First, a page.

2017-03-03 / Community

News Briefs

RESIGNATION – Kennebunkport selectmen have accepted the resignation of David Kling from the planning board.

“Dave has done just an amazing job in his service to the town,” board chairman Stuart Barwise said, of his planning counterpart.

“Specifically, in his continuity and steadfast leadership, Dave has done a really extraordinary job,” Barwise said. “He will be sorely missed. I’m sorry to see him stepping down, but he has earned his break for sure.”

Kling, who will continue to serve as a trustee of the Louis T. Graves Memorial Public Library, wrote in his Feb. 13 resignation letter that with the “assumption of other responsibilities” and “personal things I need to do,” he no longer has time to commit to the planning board. However, he did volunteer to continue drafting changes to subdivision regulations, begun under his watch as planning board chairman.

NEW PLANNER – In the wake of David Kling’s resignation as chairman of the Kennebunkport Planning Board, selectmen on Feb. 23 appointed Ledge Road resident Mike Messer to fill out the remainder of Kling’s term, to July.

Messer currently sits on the board of assessment review, although it has not had cause to meet since he joined in 2015. He previously served on the planning board from 1997 to 2005, and on the zoning board of appeals from 2006 to 2014, including seven years of that stretch as ZBA chairman.

The planning board picked Peter Fellenz, who also sits on the RSU 21 Board of Directors, to replace Kling as chairman. Fellenz’ current term on the planning board ends June 30.

According to planning department administrative assistant Lisa Harmon, who gets the chairmanship nod after that has not yet been determined.

POSTED ROADS, PART I – Kennebunkport has posted a series of 21 roads to vehicles in excess of 23,000 pounds, effective from March 1 until at least April 24.

There are no new additions to this year’s list. It is, said Public Works Director Michael Claus at the Feb. 23 selectmen’s meeting, “The usual suspects.”

Heavy vehicles can still use the roads if the air temperature is 32 degrees or below, and there is no unfrozen water visible in any cracks that may exist on the road surface.

“Both conditions must be met,” Claus said. There also are some exemptions for trucks delivering food or other perish- able items. Anyone with questions about road postings should contact Claus at 967-5728.

At their Feb. 28 meeting, Kennebunk selectmen also were slated to post a number of roads to heavy loads until April 30. Questions about those rules should be directed to Public Services Director Eric Labelle at 985-4811.

POSTED ROADS, PART II – At their Feb. 27 meeting, Arundel selectmen also voted to post roads to heavy loads for the season, although Public Services Director Roger Taschereau lamented the number of exceptions in state law.

“There’s more exceptions now than there ever was,” he said. “Feed, fuel, grain, milk — the only thing it seems not excepted are someone with a load of gravel or logs.”

That said, Taschereau asked selectmen to lift a year-round posting on Mountain Road, currently limited to vehicles of less than 15 tons, only, subjecting it to the same seasonal posting rules as other roads in town.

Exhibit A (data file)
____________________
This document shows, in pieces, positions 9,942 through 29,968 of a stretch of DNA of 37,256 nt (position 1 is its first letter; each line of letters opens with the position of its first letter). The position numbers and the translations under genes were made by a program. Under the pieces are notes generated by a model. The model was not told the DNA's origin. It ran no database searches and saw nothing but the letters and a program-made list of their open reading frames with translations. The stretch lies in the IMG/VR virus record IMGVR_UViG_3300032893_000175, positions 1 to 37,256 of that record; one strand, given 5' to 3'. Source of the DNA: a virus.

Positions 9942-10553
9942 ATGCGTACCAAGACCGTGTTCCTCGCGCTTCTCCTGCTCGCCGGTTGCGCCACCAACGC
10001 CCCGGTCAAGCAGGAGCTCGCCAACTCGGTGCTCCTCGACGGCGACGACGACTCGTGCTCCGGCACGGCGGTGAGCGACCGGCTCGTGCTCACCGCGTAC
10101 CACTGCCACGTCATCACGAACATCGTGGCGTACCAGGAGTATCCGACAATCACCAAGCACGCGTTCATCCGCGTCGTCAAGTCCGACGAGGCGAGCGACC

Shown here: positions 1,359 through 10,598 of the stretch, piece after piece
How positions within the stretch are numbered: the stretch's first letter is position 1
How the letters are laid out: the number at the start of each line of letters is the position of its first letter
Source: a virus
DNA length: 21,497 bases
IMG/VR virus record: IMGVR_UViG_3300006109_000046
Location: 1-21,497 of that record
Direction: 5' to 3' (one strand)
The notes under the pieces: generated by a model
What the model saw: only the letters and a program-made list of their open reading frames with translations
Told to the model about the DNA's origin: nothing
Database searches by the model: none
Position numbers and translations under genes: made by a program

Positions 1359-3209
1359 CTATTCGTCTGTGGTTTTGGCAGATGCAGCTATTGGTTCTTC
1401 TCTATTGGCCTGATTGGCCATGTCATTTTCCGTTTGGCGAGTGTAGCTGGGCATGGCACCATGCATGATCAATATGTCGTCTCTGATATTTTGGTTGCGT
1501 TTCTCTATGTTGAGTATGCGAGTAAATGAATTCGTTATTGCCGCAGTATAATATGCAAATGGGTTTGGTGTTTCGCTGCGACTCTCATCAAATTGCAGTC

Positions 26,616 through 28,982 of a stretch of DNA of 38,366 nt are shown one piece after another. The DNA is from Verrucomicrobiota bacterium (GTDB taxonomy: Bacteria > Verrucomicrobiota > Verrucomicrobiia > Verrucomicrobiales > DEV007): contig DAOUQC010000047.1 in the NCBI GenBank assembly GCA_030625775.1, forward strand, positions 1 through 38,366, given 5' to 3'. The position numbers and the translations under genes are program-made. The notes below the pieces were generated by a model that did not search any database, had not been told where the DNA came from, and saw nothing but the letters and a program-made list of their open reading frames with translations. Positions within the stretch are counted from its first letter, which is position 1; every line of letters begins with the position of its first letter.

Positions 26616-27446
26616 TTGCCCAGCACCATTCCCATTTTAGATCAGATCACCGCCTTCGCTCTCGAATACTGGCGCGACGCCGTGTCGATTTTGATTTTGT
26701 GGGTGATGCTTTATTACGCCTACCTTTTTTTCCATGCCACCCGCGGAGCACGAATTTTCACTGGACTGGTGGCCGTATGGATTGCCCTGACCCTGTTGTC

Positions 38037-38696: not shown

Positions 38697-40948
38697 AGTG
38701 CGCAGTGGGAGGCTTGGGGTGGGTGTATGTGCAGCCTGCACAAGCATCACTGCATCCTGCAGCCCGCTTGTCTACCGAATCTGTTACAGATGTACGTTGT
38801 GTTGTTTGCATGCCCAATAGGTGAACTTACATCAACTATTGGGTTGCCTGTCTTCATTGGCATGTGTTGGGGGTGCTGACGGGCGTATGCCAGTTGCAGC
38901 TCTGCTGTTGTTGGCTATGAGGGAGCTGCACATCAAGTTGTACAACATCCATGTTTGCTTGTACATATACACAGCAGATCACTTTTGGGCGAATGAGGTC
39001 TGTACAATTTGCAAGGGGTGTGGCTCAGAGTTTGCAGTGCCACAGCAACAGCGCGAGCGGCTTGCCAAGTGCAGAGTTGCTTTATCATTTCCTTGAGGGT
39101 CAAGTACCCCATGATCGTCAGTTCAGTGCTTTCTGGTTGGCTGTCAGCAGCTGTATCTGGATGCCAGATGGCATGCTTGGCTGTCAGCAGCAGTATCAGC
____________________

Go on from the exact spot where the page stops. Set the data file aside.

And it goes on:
“On the Biddeford side it’s not posted. There’s no warning signs telling you there’s a posted road ahead of you,” he said.

Taschereau said Biddeford officials have said they would allow Arundel to put a sign on its side of the town line. However, he felt that was a less then ideal solution.

“Trying to maintain a sign in another town, that’s not something I would entertain,” he said.

Taschereau said Mountain Road “has been rebuilt several times since it was posted,” adding, “I don’t see the need for leaving that 15 ton posting on there. I don’t think it’s going to become a shortcut that you’ll start seeing a lot more truck traffic over it.” However, lifting the weight limit would “relieve some of the pressure on other roads,” Taschereau said, while allowing delivery trucks to pass through.

“FedEx will not go through,” Taschereau said. “They want a regular permit with a forever date to travel that road.”

Selectmen said they would rule on the request at their, March 13.

AMBULANCE BILLING – Arundel will leave its ambulance billing rates unchanged for 2017. Town Manager Keith Trefethen said at the Feb. 27 selectmen’s meeting that he conducted a review of the rates different town’s assess for transporting patients — bills often paid by the person’s insurance coverage — but found Arundel Rescue fees are on par with local averages. “I was thinking we were in a non-competitive place, that our rates were extremely low in comparison to some of our neighboring communities,” Trefethen said. “But after the comparison was done it appears to me that our existing rates appear to be in line.”

NEW DOCKS – Look for new aquatic outcroppings in Kennebunkport. Following a field trip to inspect the sites, selectmen on Feb. 23 approved permits for two new docks — one replacing a smaller structure at 83 Ocean Ave., and one with an access ramp connected to a permanent pier at 159 Wildes District Road. “The plans were very well thought out. I did not see anything that struck me as even remotely concerning,” board chairman Stuart Barwise said.

Compiled by Staff Writer Wm. Duke Harrington. He can be reached at news@kennebunkpost.com.

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